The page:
Perhaps it was too much to ask. These people don't feel pain when you bleed, and they will move on when you die. The last thing they care about is what you want to call yourself.
Last time, they declared two names null and void. You can't call yourself "Linden Chai and Ko-ng Lui," because that's a lie, that's not your name. There are rules.
This time, they christened us with one we never chose. "Water revolution," because human bodies are over 50% water. Every revolution needs a name, said Jamil Anderlini. There are rules.
All names are made up. Some names are made real.
Henry Wei Leung was right to say that "Umbrella Revolution" was a name stamped on by foreign press. Check the flesh behind your shoulder, there's the imprint.
The guy who claims to have first used the term advertises this on his Twitter bio. He, for present purposes, will remain nameless.
Friends, what shall we call ourselves? Keep in mind this is the last thing that will survive when all of us, and I mean all of us, are forgotten.
Anti-extradition law amendment bill movement, or anti-ELAB. But no, we are not what we oppose.
Pro-democracy, anti-government, anti-capitalist, anti-communist, anti-imperialist, anti-China. In short: pro-good and anti-bad. But a name is not a description.
We already have names, you say, the problem is there are too many. Well, either you'll be ruthless or someone else will. Five years from now we get summarized within the length of a sneeze.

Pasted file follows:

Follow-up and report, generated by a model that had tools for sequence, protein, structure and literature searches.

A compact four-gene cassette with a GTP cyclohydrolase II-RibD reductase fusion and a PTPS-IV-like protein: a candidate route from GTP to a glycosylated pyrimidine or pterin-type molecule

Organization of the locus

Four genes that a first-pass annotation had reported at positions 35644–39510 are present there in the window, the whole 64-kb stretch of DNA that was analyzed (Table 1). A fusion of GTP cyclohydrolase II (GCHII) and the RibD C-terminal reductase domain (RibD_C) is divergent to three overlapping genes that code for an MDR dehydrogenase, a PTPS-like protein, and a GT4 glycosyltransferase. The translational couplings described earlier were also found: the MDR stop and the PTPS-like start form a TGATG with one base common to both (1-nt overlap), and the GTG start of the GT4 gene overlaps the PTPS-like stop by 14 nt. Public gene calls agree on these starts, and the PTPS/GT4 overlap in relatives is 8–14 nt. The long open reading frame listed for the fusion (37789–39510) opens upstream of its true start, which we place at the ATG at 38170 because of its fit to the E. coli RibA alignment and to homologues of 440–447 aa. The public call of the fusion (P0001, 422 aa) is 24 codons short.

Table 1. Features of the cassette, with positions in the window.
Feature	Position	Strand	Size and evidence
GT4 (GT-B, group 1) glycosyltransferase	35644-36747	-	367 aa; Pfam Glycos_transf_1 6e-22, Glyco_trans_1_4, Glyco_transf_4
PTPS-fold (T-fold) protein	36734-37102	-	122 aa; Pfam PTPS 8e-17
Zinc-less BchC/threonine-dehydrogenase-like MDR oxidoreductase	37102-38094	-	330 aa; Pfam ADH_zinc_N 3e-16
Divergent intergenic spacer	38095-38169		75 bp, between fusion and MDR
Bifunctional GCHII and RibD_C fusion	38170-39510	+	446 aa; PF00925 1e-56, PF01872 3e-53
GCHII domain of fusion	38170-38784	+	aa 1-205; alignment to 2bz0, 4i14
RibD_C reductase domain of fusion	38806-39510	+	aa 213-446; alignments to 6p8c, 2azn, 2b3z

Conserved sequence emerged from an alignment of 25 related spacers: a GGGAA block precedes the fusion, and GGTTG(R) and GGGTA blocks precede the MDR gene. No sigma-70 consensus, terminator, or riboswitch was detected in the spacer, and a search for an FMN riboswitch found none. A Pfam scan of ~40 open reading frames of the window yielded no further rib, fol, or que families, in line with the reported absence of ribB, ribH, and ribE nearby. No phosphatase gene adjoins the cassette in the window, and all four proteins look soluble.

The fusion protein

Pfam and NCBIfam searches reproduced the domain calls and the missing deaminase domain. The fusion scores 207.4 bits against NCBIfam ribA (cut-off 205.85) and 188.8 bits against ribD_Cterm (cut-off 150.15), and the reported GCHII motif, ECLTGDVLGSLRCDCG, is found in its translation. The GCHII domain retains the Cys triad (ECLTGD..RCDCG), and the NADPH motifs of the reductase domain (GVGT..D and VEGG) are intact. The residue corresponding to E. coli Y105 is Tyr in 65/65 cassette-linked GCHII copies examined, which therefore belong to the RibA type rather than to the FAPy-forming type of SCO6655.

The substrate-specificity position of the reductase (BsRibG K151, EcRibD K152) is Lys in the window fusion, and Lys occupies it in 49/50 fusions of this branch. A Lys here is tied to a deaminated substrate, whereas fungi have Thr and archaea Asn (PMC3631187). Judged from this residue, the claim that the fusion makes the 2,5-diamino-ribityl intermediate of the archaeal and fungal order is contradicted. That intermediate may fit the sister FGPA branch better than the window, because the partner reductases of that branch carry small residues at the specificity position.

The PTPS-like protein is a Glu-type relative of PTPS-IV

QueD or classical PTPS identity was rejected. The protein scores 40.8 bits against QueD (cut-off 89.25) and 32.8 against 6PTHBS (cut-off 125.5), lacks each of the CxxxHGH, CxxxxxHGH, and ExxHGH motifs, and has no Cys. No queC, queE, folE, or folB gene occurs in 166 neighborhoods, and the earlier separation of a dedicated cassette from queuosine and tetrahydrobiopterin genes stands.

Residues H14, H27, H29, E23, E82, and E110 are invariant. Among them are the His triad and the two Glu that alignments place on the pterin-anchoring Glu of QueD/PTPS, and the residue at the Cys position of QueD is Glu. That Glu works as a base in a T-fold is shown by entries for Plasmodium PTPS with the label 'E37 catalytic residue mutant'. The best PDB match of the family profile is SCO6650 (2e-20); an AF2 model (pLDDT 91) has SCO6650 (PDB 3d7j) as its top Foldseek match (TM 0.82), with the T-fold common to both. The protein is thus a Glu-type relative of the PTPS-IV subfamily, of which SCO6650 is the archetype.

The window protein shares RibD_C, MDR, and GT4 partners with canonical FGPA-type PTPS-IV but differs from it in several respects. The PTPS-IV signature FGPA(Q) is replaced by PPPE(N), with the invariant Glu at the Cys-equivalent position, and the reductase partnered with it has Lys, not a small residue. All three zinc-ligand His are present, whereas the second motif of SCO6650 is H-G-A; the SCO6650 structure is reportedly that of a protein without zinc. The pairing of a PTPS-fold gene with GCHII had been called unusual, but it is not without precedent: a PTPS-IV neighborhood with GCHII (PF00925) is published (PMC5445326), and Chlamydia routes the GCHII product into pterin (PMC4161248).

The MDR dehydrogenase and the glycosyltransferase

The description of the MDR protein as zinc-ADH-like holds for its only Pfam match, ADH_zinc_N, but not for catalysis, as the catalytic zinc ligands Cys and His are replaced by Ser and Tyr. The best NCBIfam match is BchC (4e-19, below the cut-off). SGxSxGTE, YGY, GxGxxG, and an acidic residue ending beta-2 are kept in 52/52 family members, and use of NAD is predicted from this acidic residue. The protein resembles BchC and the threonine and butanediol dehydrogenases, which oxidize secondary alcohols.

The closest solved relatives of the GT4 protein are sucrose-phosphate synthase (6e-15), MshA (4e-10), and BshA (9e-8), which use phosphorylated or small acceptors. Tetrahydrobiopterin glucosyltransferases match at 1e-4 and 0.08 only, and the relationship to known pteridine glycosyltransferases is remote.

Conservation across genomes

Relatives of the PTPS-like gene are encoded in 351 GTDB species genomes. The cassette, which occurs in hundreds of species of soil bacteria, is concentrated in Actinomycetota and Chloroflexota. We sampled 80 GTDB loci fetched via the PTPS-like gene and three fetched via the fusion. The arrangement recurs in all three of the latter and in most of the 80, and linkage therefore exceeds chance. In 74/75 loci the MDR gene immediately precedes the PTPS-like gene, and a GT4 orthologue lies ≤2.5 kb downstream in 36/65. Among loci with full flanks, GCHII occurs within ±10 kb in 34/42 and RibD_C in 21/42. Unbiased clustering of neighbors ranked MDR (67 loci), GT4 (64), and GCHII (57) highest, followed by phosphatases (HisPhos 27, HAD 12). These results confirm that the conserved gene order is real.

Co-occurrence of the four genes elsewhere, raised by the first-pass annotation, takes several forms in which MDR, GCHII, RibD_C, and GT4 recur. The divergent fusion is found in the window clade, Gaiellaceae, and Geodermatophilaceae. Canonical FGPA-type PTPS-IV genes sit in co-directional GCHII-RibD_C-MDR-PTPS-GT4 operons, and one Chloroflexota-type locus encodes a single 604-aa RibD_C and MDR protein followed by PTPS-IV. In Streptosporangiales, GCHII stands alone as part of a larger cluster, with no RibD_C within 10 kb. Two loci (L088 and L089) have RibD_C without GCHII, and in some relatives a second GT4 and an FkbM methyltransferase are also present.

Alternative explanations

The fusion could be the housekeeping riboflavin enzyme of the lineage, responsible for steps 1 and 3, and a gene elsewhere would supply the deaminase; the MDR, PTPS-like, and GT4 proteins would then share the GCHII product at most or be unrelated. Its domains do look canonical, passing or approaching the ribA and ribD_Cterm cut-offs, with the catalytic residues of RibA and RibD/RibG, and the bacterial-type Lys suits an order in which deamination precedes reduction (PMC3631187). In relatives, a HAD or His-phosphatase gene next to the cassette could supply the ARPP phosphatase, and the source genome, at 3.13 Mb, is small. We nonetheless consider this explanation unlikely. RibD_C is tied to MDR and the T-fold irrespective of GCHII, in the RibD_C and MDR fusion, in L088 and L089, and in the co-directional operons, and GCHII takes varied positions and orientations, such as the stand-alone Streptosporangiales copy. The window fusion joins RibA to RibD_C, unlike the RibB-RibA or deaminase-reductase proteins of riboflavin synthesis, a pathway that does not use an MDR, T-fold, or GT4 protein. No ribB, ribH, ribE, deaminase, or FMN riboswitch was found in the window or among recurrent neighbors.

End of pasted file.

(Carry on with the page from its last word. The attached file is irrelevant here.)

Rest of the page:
Too late, they picked it for you. It's #hardhatrevolution now.
Yeah, because you're the only ones in fucking history who wore helmets. That's why they picked it, because it so deftly captures your virtues and failures and and doomed aspirations.
A slave's name is their last battle. For their masters, it is the first instinct. Repeat after me: my name is hat.
On the first days of 2017 I was alone in a cabin in upstate New York trying my hardest to write. I had not yet disabused myself of the Walden fantasy, and I wanted a quiet place where I could see stars. The sun rose at seven and set at five: I took short excursions in the morning, and in the afternoon I would lie on my back, peering out the window at an odd angle, and read. My retreat was meant to last five days. I made generous estimates for food and drink, and most of the time I wanted for nothing. Much to my disappointment the neighbourhood was not deserted; many had put up “no trespassing” signs, and although I didn’t see anybody I felt cheated of my solitude. It occurred to me that I had perhaps not paid enough. What I wanted in truth was some sort of secluded mountain temple, and to be fair, if I owned one I wouldn’t put it up for rent.
In the line-up for this year's Art Basel, nothing is more provocative—and downright subversive—than a mixed-media collage by newcomer Justin Bergman titled “Beyond Art Basel: a Guide for Wanderers.”